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Gender: Female
Hometown: Wisconsin
Current location: Tejas
Member since: Thu Jan 17, 2008, 12:44 PM
Number of posts: 25,501

About Me

You may say I'm a dreamer But I'm not the only one I hope someday you'll join us And the world will live as one

Journal Archives

More on Kurdistan -

Iraq and the Oil Wars
August 17, 2014

Oil has always been part of U.S. decision-making on Iraq, a key motive for the 2003 invasion and the bloody occupation that followed. Now, as President Obama returns U.S. forces to Iraq, the issue of oil has bubbled back to the surface, as oil analyst Antonia Juhasz explained to Dennis J Bernstein.

By Dennis J Bernstein

President George W. Bush’s invasion of Iraq gave U.S. and other Western oil companies a major stake in the country’s giant oil fields, a foothold now threatened by the offensive launched by the Islamic State and offering at least a partial explanation for President Barack Obama’s decision to return the U.S. military to the conflict.

Another complicating factor is Kurdistan’s control of some giant oil fields and its push for independence. As oil industry analyst and investigative journalist Antonia Juhasz says: “Western oil companies and the Obama administration will not permit ISIL to control Kurdistan and are willing to engage militarily to achieve this goal.”

Juhasz has written extensively on the oil industry and the multiple wars in Iraq, including two books, The Bush Agenda and The Tyranny of Oil. Juhasz spoke with Dennis J Bernstein in a recent Flashpoints interview about the situation unfolding in Iraq.

DB: Why are the Kurds and Kurdistan of great interest to the U.S.? What does that relationship look like? What is pushing the U.S.?

AJ: We are clearly engaged in a military action for oil. But the Obama administration is not the Bush administration. It is clear to me that if the only thing at stake in Kurdistan right now was protecting oil interests, we would not be engaging militarily. If the Bush administration were in power now, we would be. The 2003 invasion of Iraq was about many things, but one of the most dominant was oil and the desire to get western oil corporations on the ground in Iraq. That goal was achieved by the Bush administration. Today we have Exxon producing from some of the largest oil fields in the world. Other western companies like BP and Shell – all of the major western companies – are operating in Iraq and doing quite well.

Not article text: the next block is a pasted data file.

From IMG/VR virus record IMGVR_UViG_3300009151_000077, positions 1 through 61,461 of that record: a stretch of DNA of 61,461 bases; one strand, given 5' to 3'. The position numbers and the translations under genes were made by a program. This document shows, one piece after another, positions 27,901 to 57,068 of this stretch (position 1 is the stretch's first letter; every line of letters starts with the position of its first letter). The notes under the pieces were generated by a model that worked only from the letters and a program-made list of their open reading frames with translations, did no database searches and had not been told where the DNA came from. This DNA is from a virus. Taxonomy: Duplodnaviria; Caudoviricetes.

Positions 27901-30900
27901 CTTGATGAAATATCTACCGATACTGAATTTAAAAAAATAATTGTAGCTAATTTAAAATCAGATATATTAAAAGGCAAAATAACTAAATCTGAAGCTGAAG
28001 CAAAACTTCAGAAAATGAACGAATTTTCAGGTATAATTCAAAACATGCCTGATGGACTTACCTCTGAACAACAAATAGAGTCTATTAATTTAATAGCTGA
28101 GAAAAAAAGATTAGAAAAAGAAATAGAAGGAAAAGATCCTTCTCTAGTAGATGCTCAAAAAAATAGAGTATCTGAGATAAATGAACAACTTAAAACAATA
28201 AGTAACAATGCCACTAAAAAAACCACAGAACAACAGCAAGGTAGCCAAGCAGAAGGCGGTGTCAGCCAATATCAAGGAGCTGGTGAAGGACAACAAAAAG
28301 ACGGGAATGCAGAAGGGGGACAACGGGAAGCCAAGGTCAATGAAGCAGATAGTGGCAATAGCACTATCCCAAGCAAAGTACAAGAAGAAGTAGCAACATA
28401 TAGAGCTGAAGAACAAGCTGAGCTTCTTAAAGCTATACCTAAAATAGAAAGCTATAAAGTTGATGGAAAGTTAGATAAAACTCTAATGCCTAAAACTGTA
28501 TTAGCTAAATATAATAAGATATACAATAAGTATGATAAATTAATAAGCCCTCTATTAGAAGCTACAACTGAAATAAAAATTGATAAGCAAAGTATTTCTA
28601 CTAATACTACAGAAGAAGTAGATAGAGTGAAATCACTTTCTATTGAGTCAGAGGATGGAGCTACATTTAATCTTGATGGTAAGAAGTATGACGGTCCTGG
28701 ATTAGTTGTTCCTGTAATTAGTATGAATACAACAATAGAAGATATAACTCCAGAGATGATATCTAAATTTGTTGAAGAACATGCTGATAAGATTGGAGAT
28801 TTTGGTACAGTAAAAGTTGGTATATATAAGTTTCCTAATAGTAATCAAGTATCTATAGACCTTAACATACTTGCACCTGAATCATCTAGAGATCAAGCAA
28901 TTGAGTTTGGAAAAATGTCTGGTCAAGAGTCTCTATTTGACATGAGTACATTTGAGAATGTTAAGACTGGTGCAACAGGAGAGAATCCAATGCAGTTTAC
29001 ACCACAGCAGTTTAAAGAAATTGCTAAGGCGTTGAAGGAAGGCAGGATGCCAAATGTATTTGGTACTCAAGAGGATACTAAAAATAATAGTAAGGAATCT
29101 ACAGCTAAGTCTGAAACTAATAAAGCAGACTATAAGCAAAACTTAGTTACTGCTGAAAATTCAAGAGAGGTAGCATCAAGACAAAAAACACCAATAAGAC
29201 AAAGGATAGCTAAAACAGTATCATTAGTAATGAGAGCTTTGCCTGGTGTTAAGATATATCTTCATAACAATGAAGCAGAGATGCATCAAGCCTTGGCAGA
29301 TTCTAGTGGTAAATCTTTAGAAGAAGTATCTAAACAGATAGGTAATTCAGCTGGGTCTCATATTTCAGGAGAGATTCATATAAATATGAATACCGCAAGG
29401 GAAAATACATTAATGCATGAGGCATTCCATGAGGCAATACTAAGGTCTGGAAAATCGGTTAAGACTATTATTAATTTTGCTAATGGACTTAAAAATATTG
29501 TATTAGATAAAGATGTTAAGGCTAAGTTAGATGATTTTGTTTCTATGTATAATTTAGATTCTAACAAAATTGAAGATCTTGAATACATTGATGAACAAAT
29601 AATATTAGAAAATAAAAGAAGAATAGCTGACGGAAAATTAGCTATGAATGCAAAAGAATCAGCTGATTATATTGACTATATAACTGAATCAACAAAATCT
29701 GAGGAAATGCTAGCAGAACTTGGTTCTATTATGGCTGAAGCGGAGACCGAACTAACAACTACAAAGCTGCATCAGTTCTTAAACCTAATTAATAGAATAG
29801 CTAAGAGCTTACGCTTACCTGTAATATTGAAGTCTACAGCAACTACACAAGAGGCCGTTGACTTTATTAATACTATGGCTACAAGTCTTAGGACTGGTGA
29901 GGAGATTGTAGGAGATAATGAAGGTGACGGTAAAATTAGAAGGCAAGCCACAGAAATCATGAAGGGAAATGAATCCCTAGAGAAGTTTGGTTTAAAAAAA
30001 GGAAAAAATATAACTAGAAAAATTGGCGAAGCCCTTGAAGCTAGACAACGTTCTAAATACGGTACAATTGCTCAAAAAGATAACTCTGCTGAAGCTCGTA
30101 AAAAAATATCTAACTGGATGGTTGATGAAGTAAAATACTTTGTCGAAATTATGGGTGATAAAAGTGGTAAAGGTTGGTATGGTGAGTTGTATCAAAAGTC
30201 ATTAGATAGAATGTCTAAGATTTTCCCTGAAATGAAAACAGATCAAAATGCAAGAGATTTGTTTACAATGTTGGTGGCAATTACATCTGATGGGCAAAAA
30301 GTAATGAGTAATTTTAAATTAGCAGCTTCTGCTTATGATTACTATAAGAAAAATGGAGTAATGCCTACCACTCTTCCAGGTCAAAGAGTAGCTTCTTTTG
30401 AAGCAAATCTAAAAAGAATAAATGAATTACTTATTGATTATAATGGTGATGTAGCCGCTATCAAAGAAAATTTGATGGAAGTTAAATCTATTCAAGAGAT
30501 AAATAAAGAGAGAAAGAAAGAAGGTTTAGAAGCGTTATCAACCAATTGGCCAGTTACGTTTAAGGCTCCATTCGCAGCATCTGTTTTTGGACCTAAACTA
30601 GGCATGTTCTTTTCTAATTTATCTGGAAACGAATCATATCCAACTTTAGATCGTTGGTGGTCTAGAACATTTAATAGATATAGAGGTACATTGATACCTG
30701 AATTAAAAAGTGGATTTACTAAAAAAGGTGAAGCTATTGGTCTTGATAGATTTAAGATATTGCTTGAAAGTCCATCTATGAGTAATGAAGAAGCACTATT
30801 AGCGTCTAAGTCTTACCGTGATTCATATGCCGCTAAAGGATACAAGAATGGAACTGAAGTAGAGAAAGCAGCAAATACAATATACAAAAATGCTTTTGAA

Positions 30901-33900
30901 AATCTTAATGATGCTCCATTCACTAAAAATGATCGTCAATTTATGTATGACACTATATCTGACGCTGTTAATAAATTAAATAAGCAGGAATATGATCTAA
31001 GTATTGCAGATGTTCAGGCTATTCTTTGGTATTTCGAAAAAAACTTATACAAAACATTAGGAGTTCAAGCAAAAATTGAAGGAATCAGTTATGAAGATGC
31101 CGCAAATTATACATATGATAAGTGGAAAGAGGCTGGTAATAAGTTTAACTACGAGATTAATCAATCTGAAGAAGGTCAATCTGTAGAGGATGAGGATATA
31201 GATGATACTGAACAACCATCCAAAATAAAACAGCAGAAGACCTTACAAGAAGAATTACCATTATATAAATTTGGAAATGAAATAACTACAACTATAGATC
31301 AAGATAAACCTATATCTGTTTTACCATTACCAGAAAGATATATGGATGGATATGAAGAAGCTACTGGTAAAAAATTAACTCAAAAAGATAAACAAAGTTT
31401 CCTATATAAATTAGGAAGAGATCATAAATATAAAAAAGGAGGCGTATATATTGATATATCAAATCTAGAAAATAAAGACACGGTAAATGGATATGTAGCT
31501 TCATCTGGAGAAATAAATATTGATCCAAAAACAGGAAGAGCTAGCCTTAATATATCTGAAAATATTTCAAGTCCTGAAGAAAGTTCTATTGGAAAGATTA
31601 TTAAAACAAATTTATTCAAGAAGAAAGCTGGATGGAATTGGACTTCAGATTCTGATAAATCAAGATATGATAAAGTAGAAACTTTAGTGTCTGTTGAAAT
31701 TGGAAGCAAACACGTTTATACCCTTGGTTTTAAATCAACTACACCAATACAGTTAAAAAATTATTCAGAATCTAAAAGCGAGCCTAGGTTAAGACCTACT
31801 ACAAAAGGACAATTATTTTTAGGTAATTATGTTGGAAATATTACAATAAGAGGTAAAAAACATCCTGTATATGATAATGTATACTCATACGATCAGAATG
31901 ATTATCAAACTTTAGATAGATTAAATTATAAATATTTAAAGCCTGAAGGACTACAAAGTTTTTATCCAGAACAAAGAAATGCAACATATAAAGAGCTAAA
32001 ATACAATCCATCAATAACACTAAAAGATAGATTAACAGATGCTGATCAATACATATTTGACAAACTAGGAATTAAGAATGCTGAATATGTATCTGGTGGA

From the very beginning of the invasion, however, there was a strong issue in the area of Iraq known as Kurdistan that wanted independence from the rest of Iraq, with the Kurds trying to garner western favor to achieve that goal. One of the things the Kurds have to their benefit is they have a tremendous amount of oil ...

Much more here: http://consortiumnews.com/2014/08/17/iraq-and-the-oil-wars/

Progressive tax reforms approved in El Salvador

August 13, 2014.

On July 31, El Salvador’s National Legislative Assembly passed a package of tax reforms aimed at shifting the fiscal burden from the nation’s poor majority to the wealthy elite and easing the country’s dependence on international loans to finance important social investment. The bill was approved despite a fierce campaign against it in the nation’s conservative media.

The measures were drafted by the current leftist Farabundo Martí National Liberation Front (FMLN) administration, and passed with the votes of legislators of the FMLN and the conservative Grand National Alliance (GANA) party. The package includes a tax on non-productive properties valued at over $350,000; a minimum 1% tax on companies’ net assets; a tax on financial transactions over $750, with exemptions for remittances sent from families living abroad, cash withdrawals, credit card payments, social security, salary or loan payments; and the elimination of the exemption of newspaper owners from income tax payment ...

More here: http://www.cispes.org/blog/progressive-tax-reforms-approved-el-salvador/

Women-Led Resistance against False Development in Guatemala

Written by Deepa Panchang and Jessica Hsu
Wednesday, 20 August 2014 17:58

An Interview with Aura Lolita Chavez Ixcaquic, Maya K’iche from the Mayan Women’s Movement, Guatemala

As a member of the Mayan Women’s Movement which is a part of the Council of K’iche People, we have joined forces to generate action from the people, the community. We are in the midst of change where we are defining our needs, what actions we need to take, what power we have, what our way of looking at the world is. And to say no to corporations, while saying yes to life.